Adjoining Covent Garden is the university quarter of Bloomsbury and the location of the ever-popular British Museum. Founded in 1753, it is the oldest museum in the world. The outstanding collections cover world cultures from Prehistory to the present day
A couple of miles downstream from Westminster is The City – or the City of London. It is both the most ancient and the most modern part of London. Settled since Roman times, the area became the commercial and residential heart of medieval London. Though the Great Fire of 1666 destroyed most of the City, this remains one of the great financial centres of the world. The most prominent landmarks these days are the hi-tech offices of banks and insurance companies.
The Square Mile boasts its share of historic sights too, notably the Tower of London and a fine cache of Wren churches that includes the magnificent St Paul's Cathedral. It was designed by the court architect Sir Christopher Wren and built between 1675 and 1710, after its predecessor was destroyed in the Great Fire of London. With its splendid dome, soaring arches and intricate carving it is one of the world's most famous cathedrals.
The Tower of London was constructed following the Norman conquest in the 11th century to dominate London. Visitors can see Traitors' Gate, the priceless Crown Jewels, the famous ravens and the celebrated Beefeaters (who still guard the Tower today). Tower Bridge has stood over the River Thames in London since 1894 and is one of the finest and most recognizable bridges in the world. Inaugurated by the then Prince of Wales (who was later crowned as Edward VII), the bridge was widely regarded as a masterpiece of engineering at the time.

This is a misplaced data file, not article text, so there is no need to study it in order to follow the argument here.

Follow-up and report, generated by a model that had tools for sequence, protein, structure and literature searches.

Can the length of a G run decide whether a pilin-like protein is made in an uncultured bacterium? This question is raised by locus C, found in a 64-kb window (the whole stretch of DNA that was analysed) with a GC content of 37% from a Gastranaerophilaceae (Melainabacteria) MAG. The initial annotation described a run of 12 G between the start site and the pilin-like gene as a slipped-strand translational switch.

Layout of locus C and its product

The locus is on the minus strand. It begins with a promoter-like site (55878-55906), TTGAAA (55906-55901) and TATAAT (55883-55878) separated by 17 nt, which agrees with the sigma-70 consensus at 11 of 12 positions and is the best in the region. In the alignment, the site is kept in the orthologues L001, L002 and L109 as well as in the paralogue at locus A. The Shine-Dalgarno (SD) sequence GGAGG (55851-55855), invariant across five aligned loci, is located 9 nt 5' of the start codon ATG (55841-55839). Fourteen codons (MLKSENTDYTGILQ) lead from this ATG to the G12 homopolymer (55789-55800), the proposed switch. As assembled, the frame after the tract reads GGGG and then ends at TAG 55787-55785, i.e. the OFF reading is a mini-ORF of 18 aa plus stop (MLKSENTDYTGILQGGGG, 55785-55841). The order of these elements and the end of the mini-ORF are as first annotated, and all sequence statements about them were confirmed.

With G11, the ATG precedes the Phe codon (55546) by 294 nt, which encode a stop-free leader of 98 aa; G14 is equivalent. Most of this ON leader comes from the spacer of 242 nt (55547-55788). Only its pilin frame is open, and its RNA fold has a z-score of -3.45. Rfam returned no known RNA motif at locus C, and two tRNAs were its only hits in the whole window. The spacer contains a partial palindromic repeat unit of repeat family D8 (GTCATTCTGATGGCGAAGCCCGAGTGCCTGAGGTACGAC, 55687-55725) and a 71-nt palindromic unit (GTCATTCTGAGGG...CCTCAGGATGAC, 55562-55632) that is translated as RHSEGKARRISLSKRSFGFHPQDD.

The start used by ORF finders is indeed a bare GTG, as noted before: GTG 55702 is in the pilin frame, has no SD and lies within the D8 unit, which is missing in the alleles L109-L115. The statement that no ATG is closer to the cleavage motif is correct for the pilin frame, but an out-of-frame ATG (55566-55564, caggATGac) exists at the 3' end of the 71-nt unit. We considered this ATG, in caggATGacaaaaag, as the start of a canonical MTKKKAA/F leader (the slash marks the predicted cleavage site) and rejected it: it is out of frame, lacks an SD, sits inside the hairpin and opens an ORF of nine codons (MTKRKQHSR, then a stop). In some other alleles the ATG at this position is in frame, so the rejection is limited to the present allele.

South of the Thames lies South Bank, Bankside and Southwark. The South Bank Centre is enjoying a new lease of life thanks to the London Eye, the world's highest observation wheel. Hanging over the Thames, the 30-minute slow-moving flight of the London Eye gives unrivalled views over the city.
Bankside, the city's low-life district from Roman times to the eighteenth century, is also enjoying a renaissance. The new pedestrian bridge links St Paul's with the former power station that is now home to the Tate Modern, Britain's new national museum of modern art. This impressive gallery shows international modern art from 1900 to present day including Dali, Picasso, Matisse and Warhol.
Time permitting, you can also visit the excellent museums of South Kensington; the Victoria and Albert Museum, the Science Museum and the Natural History Museum.
When you need a break from sightseeing, escape the rat-race in one of London's many parks, commons or green spaces. Hyde Park and Kensington Gardens combine to offer the largest park in central London, a segment of greenery that separates wealthy West London from the city centre. Further out, in Hampstead and Highgate, there are unbeatable views across the city from half-wild Hampstead Heath, the favourite parkland of thousands of Londoners. Skirting Regent's Park, in North London is Regent's Canal, the focus for the capital's trendiest weekend market held around Camden Lock. Other markets well worth the visit are Portobello Road, Brick Lane and Covent Garden markets.